Where would baseball lore be without The Unexpected?
When the Mets won the 1969 World Series after seven years of mostly awful baseball, that was totally unexpected. And one of the primary events that helped make that world championship happen is something that former rightfielder Ron Swoboda has never stopped talking about.
It’s called “The Catch.”
It’s now nearly 50 years since that Mets-Orioles World Series that was peppered with magic moments, and Swoboda’s diving backhanded grab of a slicing shot to right by Brooks Robinson in Game 4 certainly is near the top of the list.
“I have fully participated in allowing that to be connected to my image,’’ Swoboda, who turns 75 this month, said proudly from his home in New Orleans. “It’s on the front cover of my book [aptly named “Here’s the Catch”] for good reason. I made a few mistakes in my career, certainly my share or more, but that time I didn’t.’’
For perspective, let’s return to Oct. 15, 1969.
The Mets held a two-games-to-one advantage in the Series and led 1-0 on Donn Clendenon’s second-inning home run off Mike Cuellar as ace Tom Seaver tried to complete the shutout in the ninth. But back-to-back hits by Frank Robinson and Boog Powell put runners on first and third with one out and Brooks Robinson coming to the plate.
Swoboda said he knew Robinson was perfectly capable of hitting the ball to the opposite field. “He was not a dead pull hitter at all,’’ Swoboda said. “He was kind of a left-center, right-center kind of guy. You have to be expecting it. There’s no other way to play the outfield other than for you to anticipate everything’s coming to you.’’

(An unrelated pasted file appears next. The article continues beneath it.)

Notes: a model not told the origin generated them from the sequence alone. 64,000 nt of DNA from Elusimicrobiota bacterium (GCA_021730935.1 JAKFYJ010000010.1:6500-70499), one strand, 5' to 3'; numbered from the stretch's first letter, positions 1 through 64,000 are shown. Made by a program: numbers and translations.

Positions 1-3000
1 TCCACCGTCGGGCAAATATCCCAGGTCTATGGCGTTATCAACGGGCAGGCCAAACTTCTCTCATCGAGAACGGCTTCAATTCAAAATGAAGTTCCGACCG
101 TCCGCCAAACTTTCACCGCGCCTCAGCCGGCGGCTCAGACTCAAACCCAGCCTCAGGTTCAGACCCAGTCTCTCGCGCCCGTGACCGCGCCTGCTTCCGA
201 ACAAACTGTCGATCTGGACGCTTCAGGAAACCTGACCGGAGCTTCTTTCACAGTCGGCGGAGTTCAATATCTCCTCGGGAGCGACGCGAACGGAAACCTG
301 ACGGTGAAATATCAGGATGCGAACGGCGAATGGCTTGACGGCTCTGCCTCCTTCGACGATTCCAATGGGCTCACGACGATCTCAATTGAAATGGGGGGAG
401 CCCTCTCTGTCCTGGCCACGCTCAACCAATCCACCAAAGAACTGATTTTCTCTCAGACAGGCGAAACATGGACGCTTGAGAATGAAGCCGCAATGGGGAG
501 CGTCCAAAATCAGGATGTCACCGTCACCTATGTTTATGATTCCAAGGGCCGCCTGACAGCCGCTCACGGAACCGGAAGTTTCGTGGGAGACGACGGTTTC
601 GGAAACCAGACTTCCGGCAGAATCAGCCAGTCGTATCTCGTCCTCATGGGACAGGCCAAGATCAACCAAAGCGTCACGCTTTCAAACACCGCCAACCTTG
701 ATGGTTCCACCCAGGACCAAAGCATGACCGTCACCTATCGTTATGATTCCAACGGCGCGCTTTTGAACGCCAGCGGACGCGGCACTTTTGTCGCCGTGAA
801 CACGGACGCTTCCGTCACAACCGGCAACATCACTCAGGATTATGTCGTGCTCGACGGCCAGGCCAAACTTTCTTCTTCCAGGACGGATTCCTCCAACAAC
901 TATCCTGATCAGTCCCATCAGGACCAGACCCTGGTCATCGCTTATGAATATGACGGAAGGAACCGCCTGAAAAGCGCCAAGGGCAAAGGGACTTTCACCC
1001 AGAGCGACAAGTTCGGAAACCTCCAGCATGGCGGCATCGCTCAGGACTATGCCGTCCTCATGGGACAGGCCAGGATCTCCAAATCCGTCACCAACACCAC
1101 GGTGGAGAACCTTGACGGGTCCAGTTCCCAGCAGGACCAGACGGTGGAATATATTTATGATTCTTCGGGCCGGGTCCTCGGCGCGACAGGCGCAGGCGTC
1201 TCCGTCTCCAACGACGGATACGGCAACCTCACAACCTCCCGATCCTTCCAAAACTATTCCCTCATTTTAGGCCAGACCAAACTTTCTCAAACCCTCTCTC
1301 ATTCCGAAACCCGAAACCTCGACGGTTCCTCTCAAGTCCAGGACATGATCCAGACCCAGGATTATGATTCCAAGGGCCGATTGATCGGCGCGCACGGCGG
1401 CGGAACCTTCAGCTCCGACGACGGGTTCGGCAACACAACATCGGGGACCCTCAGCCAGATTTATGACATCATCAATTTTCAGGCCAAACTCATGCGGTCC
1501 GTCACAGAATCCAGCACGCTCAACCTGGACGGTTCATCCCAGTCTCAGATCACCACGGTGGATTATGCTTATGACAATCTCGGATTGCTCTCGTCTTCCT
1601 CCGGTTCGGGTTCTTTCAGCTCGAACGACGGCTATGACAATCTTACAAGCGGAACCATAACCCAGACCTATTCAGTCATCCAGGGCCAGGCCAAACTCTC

Robinson hit a liner on an 0-and-1 count. Swoboda ran all out and did a full-body dive to the ground, making a backhanded stab in the webbing of his glove.
In his book, Swoboda said Seaver went with a two-seam fastball, down and away. Robinson hit the ball and, Swoboda wrote, “I launched into full bore pursuit with the rapidly rising fear that I wasn’t going to get there on time. In my slo-mo memory, that dread seemed to last a long time . . . I was fully committed in a mad dash down a path that would change my life forever.
“I saw the ball right off the bat and got a tremendous jump . . . I leap, my hat flies off. I have taken the shortest route to intercept the ball, and in a free fall I snag that little [SOB] in the top of my web inches before it finds grass. There’s a hush in the stadium, everybody inhaling at once while I’m rolling, skidding, and then I come up throwing and there’s a shriek and a roar like you can’t believe because I made it — made a catch that changed the game, changed the Series, changed my life.’’
Swoboda added in a phone interview that while he was prepared, he could not foresee the outcome. “I read a ball off the bat, ran as fast as I could, as hard as I could, and 99 percent of the way there, I wasn’t sure if I was going to make it,’’ Swoboda said. “But you can’t stop. I didn’t slow down. When it looked like I needed to lay out, I laid out. When I look back at it now, I go, “Who you kidding?’ There is zero margin for mistake. You were right at a time when being right made a difference in a ballgame and in the Series.’’
WORKING ON HIS DEFENSE
Swoboda’s catch plays on a video inside the Mets’ museum at Citi Field. “I watched it a couple of times,’’ said Swoboda, whose glove also is on display. Swoboda will join his former teammates during a weekend-long celebration of the ’69 team from June 28-30.
Mention of The Catch often has been prefaced by some saying it was all the more amazing because Swoboda was considered a below-average fielder. That was evidenced by 11 errors, second highest in the league by a rookie in 1966. He made 17 in his first two seasons.